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Petrified of an MRI February 9, 2009

Posted by admin in : Fear Tags:, , , , , , , add a comment

After 6 months of weekly doctor visits and physical therapy appointments, my neck still wasn’t healed from the accident back in July so I finally gave in and told the doctor I would get an MRI, although I was terrified. Being claustrophobic, I was scared to death at the thought of being braced down and put in some tube while beams of magnetic rays captured images of my neck. I expressed my apprehension with the doctor so he wrote me a prescription for Valium. I felt relieved knowing I could take something to alleviate the anxiety, but the more I thought about it, the more I was opposed to it.

I considered my body a temple so it was important to take care of it. Although I’m a yogi aficionado, I’m certainly not a textbook purist. I just do the best I can when it comes to eating healthy and making decisions that affect my mental and physical state of being, which means putting as few chemicals in to my body as possible. I realized taking one Valium wouldn’t kill me, but it was more than just taking a pill. Part of my journey was about getting in touch with my body and mind and finding a healthy balance between the two. Covering up my fear would only suppress it more so if I was afraid of the dark and being confined, then I needed to get in touch with the fear and heal it instead of taking a chemical to mask it.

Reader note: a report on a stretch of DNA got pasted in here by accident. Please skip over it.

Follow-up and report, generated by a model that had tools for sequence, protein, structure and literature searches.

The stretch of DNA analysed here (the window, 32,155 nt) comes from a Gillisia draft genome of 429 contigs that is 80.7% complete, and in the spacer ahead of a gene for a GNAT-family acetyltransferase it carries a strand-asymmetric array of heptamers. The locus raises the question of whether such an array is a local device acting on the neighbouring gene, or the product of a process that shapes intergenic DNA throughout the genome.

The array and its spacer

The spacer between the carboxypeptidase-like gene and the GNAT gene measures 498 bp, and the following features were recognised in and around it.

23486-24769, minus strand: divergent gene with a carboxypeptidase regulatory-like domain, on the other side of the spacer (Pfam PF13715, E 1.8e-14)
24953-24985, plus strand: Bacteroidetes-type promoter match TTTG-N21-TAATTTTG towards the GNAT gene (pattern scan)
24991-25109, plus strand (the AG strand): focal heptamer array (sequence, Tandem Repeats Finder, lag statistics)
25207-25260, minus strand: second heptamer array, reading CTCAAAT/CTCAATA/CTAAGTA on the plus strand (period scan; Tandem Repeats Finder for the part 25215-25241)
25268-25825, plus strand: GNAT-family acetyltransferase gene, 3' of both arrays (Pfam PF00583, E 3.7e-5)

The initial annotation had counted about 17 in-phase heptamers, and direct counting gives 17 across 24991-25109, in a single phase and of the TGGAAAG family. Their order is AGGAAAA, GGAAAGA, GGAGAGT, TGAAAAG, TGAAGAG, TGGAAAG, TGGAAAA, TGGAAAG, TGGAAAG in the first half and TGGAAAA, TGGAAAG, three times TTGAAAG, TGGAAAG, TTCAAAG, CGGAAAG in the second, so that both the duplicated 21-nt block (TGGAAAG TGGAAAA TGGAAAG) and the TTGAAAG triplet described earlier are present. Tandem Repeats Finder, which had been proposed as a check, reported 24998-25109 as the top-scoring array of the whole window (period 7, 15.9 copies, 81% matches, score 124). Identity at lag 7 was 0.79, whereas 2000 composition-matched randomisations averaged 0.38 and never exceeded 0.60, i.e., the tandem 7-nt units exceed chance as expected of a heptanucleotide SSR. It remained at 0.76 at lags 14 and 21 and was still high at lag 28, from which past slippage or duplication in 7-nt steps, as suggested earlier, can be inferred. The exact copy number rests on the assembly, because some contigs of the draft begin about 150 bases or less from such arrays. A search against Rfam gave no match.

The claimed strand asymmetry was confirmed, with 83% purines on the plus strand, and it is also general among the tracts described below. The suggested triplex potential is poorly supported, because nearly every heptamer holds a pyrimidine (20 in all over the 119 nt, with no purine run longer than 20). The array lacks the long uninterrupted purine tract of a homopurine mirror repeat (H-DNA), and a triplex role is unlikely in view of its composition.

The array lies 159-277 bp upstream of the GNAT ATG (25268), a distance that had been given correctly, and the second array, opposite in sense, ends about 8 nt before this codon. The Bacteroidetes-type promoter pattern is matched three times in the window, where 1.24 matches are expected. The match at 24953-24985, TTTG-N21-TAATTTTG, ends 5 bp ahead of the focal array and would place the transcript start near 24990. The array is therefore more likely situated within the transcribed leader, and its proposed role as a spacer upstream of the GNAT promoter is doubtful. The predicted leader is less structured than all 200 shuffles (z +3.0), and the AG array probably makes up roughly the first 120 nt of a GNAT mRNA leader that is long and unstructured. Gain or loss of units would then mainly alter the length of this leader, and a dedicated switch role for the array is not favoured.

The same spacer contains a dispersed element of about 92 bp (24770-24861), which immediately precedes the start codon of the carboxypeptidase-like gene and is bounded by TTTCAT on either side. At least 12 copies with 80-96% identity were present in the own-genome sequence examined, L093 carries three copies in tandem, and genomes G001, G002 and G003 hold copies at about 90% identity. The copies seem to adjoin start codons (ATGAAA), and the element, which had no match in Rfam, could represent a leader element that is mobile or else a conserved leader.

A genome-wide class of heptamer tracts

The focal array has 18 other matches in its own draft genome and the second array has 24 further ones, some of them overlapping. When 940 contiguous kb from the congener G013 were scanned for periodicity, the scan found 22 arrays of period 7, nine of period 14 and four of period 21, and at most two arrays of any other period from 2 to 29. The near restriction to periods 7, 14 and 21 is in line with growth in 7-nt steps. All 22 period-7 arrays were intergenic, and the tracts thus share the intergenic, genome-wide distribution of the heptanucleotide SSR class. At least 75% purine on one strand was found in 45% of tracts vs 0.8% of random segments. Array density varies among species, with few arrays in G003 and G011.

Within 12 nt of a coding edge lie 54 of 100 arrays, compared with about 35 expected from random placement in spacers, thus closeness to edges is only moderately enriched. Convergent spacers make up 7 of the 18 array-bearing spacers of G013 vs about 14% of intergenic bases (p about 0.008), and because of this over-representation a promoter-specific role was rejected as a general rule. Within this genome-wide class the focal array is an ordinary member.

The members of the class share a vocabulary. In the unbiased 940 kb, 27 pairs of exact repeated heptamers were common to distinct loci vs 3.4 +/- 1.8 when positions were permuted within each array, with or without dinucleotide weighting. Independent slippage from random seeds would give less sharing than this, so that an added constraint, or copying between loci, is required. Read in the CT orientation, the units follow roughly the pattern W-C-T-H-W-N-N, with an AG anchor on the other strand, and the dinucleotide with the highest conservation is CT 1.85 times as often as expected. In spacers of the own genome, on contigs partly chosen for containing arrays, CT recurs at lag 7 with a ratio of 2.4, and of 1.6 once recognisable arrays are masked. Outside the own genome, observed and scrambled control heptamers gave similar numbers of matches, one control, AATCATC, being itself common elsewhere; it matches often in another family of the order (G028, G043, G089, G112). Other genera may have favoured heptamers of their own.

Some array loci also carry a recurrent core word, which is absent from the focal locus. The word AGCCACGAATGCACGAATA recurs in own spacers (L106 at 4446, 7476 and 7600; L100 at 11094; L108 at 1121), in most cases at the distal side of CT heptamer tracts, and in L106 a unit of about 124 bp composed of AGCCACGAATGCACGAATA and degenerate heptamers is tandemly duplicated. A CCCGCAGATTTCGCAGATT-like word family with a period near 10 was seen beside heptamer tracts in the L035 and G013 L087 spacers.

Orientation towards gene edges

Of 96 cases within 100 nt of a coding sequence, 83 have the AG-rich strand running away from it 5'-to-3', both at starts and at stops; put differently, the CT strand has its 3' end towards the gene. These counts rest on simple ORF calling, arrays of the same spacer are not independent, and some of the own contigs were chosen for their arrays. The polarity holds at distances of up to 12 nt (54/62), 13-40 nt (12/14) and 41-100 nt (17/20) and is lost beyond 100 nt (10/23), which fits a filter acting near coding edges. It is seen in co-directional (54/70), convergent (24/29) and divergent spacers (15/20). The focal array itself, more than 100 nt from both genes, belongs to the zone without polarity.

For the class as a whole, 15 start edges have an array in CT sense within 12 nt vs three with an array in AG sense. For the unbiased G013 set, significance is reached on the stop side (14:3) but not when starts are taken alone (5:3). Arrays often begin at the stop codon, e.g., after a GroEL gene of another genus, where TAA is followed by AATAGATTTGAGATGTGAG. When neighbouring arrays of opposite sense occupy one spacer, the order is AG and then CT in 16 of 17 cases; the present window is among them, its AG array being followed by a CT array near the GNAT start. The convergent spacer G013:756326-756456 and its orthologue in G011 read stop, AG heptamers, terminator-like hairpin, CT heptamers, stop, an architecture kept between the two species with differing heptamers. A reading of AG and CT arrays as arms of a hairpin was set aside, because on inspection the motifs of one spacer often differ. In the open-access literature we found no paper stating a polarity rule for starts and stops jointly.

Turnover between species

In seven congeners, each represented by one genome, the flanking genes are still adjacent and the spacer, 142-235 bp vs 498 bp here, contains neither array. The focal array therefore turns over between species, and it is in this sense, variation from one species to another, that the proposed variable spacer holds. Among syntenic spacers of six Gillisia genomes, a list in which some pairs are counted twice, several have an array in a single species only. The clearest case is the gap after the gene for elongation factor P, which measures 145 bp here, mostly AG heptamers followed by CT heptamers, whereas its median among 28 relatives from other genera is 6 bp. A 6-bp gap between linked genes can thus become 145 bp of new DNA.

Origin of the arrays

I decided to get the prescription filled anyway because I thought it would be better to have it just in case I changed my mind at the last minute, but then I got up to the counter at the pharmacy and couldn’t find my debit card. I must have left it in my jeans pocket or a jacket or something because it wasn’t anywhere to be found. I didn’t have enough cash on me so I knew it was a sign. I was meant to embrace the fear and see it through so I let it go and went home. Ironically, I later discovered my debit card in my purse. It was there the whole time so I knew without a doubt that I made the right decision.